An urbanite on the run.... at Mont Saint‑Bruno
In collaboration with Mathieu Charlebois.
Mathieu was born in the city, grew up in the city, and expects to die in the city, under the wheels of a motorist who did not respect a pedestrian crosswalk. He went into the woods once, in 1988 or thereabouts, to follow his parents. Since then, he has lived in the shade of the city's cement trees and has only ventured into nature by accident.
Sépaq sent him into the woods to see how long it would take before he was lost.
Trees big like Bruno Landry*
One Saturday in mid-November, I slipped on my mittens, laced up my boots, took off my mittens so I could tie my boots, put on my coat, put on my toque, put on my mittens again, and I went to discover this "nature" which I had heard so much about. My destination? Parc national du Mont-Saint-Bruno.
For someone whose job is to write jokes, it was a no brainer to choose as a first escapade a mountain named in honour of one of our greatest comedians: Bruno Landry.
It didn't take me five minutes at the spot to notice the trees. ("Duh," you might say. "This is the forest.” Okay, cut the sneering , we're only in the third paragraph.) Then, I realized that the trees are really big.
Like Mr. Landry, the silvicultural inhabitants of Mont Saint-Bruno stand tall and proud. With their branches, they try to touch the sky, in the same way that Bruno Landry tried to touch the divine with each episode of Rire et délire (laughter and mayhem).
Without those darn leaves in the way, you can finally walk in the forest AND enjoy the blue sky. On this sunny afternoon, the bare trees let a completely crazy light pass through, transforming Mont Saint-Bruno into an Instagram filter for perfect pictures.
* Bruno Landry is a Quebec comedian and humorist. He was part of the humor group Rock et Belles Oreilles from 1981 to 1995.
A park that’s a stone's throw from your home
(If you live a stone's throw from the park)
Yes, the Alps are beautiful and the Rockies make us feel like real Canucks. But can we get to Mont Blanc by taking a $3.50 bus ride from Longueuil metro station? No way! Well with Mont Saint-Bruno, it's possible.
And if you’re one of those motoring millionaires, your car will get you there in about 30 minutes from Montreal.
If I’d known that this beautiful place was within bus reach, I would have jumped at the chance long before! I would have had gourmet picnics there. Done some hardcore birdwatching. Sledded and snow tubed. I would have made sure that my first kid was born there, in a setting far more enchanting than a hospital room.
The plan for the afternoon: a walk of about 90 minutes around a lake. Full disclosure: It would finally take me a good two hours, with a lot of stopping to be wowed by the scenery along the way.
But I want to boo and hiss a bit before singing the praises of this wonderful spot.
It's beautiful, but not very original
If I have a criticism to make of the park, it’s for a clear lack of imagination on the toponymic level. What can you find on the road to Lac des Bouleaux (birch lake)? A trail bordered by birches. What’s on the shore of Lac du Moulin? If you answered, "A mill", well done, you’re not in a coma.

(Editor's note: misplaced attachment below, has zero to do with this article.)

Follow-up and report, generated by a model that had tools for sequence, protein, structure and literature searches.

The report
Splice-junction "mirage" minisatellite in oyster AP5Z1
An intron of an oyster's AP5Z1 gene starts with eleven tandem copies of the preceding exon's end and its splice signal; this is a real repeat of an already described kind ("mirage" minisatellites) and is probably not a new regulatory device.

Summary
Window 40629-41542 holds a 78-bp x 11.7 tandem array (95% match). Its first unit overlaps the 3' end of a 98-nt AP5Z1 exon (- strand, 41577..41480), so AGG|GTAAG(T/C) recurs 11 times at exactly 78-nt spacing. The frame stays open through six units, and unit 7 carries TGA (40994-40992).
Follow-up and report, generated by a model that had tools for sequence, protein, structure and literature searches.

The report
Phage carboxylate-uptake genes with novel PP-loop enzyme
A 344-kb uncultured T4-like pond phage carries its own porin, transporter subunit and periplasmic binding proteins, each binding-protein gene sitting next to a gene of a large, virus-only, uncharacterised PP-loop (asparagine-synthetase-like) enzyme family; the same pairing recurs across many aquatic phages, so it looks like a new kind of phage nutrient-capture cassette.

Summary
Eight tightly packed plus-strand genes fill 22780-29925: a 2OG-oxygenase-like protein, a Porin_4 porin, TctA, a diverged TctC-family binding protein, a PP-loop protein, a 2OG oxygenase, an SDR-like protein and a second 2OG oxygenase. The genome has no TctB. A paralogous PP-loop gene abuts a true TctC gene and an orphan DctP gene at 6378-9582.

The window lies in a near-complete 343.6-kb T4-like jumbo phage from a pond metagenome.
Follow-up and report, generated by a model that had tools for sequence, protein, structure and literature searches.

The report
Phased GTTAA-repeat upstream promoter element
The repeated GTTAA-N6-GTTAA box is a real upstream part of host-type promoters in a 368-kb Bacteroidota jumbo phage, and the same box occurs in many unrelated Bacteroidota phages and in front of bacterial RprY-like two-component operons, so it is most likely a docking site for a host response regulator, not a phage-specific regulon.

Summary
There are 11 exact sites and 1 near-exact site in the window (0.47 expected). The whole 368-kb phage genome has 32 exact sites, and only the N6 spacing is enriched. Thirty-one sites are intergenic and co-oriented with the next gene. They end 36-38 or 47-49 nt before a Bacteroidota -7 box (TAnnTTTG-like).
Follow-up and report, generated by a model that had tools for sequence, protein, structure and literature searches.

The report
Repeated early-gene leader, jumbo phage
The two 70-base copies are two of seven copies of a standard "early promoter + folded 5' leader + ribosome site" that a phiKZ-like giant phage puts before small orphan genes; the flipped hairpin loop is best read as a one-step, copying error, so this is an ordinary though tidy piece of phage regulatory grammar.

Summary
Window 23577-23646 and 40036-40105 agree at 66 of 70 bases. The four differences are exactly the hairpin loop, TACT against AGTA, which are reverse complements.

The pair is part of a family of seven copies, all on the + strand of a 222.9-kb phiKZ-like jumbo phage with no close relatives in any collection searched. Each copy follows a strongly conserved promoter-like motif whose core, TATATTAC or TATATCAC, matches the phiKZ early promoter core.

How could so much beauty (check out the picture!) have led to such uninspired names? It’s a bit like calling your kids Baby #1 and Baby #2. Frankly, they could have done a whole lot better.
What are ya waiting for? Come on! Let's go!
In addition to joggers and cross-country skiers, cyclists nip down the trails on these oversized wheeled vehicles called fat bikes, blissfully unaware of the size shaming in the naming. (All wheels are beautiful; all bicycles deserve respect.)
And then there are the walkers. Recreational walkers, like me, but also walking professionals who use walking sticks and make us feel like failures because we walk with our mitts empty like beginners.
Don't be fooled by the powerful walking stick lobby that wants us to believe that we need $3,000 titanium sticks to put one foot in front of the other. I went around the park with no equipment other than good boots.
Every step we take rewards us with the sweet sound of snow being crushed under our feet. This leads us to the second activity: listening to the silence of the forest.
It's not easy, because there's always a bloody bird chirping, a tree cracking, or the glugging of a nearby stream that makes us want to shout "Shut up, nature! I'm trying to listen to the silence of the forest!” It's not easy, but when you reach that moment of calm, far from the cars, the stress of the city, and the construction, it almost makes you forget that you're having a panic attack because the cold has knocked out your phone.
Sitting in the tea room in the mill of the lake with same name (still with me?), I take stock of my day: I saw a fox and two deer; I saw someone on a trail and we nodded like two truck drivers on the highway; and my eyes practically have cramps from all the gaping.
This time I walked. But next time, I think I'll try cross-country skiing. The guy in the pictogram seems to be having so much fun!
About Mathieu Charlebois
AFormer musician turned journalist, turned political columnist, turned author of humor, Mathieu Charlebois regularly writes for Curium and L'actualité magazines, in addition to making podcasts (including Comment être drôle, with Julien Corriveau) and posters of photos of food on Instagram.